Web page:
- Organizations fail to address cybersecurity risk in the early stages of any new digital initiative
- Activist attacks are the second most common motive for cyber attacks
Despite the overall growth in cyberattacks, only one-third of organizations say the cybersecurity function is involved at the planning stage of a new business initiative, according to the EY Global Information Security Survey (GISS).
This year’s GISS, which surveyed almost 1,300 cybersecurity leaders at organizations worldwide, showed that almost 60% of organizations have faced an increased number of disruptive attacks in the past 12 months. Moreover, over the last year, activists were responsible for 21% of successful cyber attacks – second only to organized crime groups (23%) – compared with last year’s study, where just 12% of respondents considered activists as the most likely source of an attack.
Despite the increasing risk, only 36% of new, technology-enabled business initiatives include the security team from the beginning.
Kris Lovejoy, EY Global Cybersecurity Leader, Advisory, says:
“Cybersecurity has traditionally been a compliance activity, bolted on by a checklist approach instead of built into every technology-enabled business initiative. This is not a sustainable model. If we ever hope to get ahead of the threat, we must focus on creating a culture of security by design. This can only be accomplished if we successfully bridge the divide between the security function and the C-suite and enable the chief information security officer (CISO) to act as a consultant and enabler instead of the stereotypical roadblock.”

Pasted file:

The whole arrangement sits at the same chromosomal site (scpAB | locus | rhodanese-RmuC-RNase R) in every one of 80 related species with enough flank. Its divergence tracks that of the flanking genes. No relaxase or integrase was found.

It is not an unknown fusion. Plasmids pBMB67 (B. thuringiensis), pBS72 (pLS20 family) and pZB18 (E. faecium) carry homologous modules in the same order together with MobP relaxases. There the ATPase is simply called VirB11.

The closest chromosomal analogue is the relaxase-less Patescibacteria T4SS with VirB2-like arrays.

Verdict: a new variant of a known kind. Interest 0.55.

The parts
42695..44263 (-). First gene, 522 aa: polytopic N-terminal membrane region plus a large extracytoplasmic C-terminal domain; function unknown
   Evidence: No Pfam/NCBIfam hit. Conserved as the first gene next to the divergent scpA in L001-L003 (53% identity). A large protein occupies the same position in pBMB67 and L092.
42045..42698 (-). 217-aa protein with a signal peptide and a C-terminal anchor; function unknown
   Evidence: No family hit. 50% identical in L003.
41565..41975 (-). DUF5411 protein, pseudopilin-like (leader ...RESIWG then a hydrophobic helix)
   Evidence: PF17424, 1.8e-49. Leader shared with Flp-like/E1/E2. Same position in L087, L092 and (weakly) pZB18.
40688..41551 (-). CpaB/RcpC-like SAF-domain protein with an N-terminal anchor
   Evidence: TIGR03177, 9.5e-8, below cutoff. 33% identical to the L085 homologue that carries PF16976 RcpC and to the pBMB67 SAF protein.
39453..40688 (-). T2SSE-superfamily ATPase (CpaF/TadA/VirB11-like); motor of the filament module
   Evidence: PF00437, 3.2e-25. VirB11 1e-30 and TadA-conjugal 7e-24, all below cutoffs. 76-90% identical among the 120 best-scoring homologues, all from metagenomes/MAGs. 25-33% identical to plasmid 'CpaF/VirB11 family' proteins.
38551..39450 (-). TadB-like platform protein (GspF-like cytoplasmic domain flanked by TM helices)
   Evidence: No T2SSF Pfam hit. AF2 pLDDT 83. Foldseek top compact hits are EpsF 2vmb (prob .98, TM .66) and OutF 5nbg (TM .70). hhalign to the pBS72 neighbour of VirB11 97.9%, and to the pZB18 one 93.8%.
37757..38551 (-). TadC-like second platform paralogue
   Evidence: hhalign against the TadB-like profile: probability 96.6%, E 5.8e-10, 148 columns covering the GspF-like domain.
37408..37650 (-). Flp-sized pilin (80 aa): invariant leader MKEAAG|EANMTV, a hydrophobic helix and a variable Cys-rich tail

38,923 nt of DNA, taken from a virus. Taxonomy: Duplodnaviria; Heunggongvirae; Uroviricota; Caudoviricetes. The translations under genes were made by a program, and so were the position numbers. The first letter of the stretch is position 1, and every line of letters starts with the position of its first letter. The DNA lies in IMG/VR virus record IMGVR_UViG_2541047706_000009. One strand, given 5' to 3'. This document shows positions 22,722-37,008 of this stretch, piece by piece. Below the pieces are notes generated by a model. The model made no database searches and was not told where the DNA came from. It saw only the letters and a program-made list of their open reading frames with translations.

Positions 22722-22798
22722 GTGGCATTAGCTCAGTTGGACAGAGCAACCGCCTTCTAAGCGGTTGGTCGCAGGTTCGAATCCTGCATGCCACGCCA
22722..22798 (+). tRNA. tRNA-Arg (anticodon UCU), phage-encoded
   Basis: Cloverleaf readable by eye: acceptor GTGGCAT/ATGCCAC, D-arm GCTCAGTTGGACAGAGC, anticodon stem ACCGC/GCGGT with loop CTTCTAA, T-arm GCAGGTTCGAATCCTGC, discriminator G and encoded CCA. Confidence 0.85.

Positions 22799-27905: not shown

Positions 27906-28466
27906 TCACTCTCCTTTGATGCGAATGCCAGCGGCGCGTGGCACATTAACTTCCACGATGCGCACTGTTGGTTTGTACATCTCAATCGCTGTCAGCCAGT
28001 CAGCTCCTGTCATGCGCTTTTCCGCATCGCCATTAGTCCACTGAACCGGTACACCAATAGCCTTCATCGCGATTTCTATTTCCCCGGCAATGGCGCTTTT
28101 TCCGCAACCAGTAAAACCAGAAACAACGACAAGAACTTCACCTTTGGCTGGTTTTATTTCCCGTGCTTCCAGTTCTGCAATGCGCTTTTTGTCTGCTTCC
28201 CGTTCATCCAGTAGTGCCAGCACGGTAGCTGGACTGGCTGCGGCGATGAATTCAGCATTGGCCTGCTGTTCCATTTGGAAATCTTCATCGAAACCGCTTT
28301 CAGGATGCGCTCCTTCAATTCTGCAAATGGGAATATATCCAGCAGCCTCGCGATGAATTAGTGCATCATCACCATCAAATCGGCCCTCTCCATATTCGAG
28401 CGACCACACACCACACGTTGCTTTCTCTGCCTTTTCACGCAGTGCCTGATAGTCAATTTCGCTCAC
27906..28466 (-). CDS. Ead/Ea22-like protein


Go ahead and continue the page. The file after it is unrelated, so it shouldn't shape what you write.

According to the survey, while cybersecurity teams generally have good relations with adjacent functions such as IT, audit, risk and legal, there is a disconnect with other parts of the business. Almost three-quarters (74%) say that the relationship between cybersecurity and marketing is, at best, neutral, if not mistrustful or non-existent, while 64% say the same of the research and development team and 59% for the lines of business. More than half (57%) say their relationship with finance, on which they depend on for budget authorization, is also strained.
Lovejoy says: “As companies undergo transformation, what’s needed is to build relationships of trust across every function of the organization, starting at the board level so that cybersecurity is established as a key value enabler. Boards, senior management teams, CISOs and leaders throughout the business must collaborate to position cybersecurity at the heart of business transformation and innovation.”
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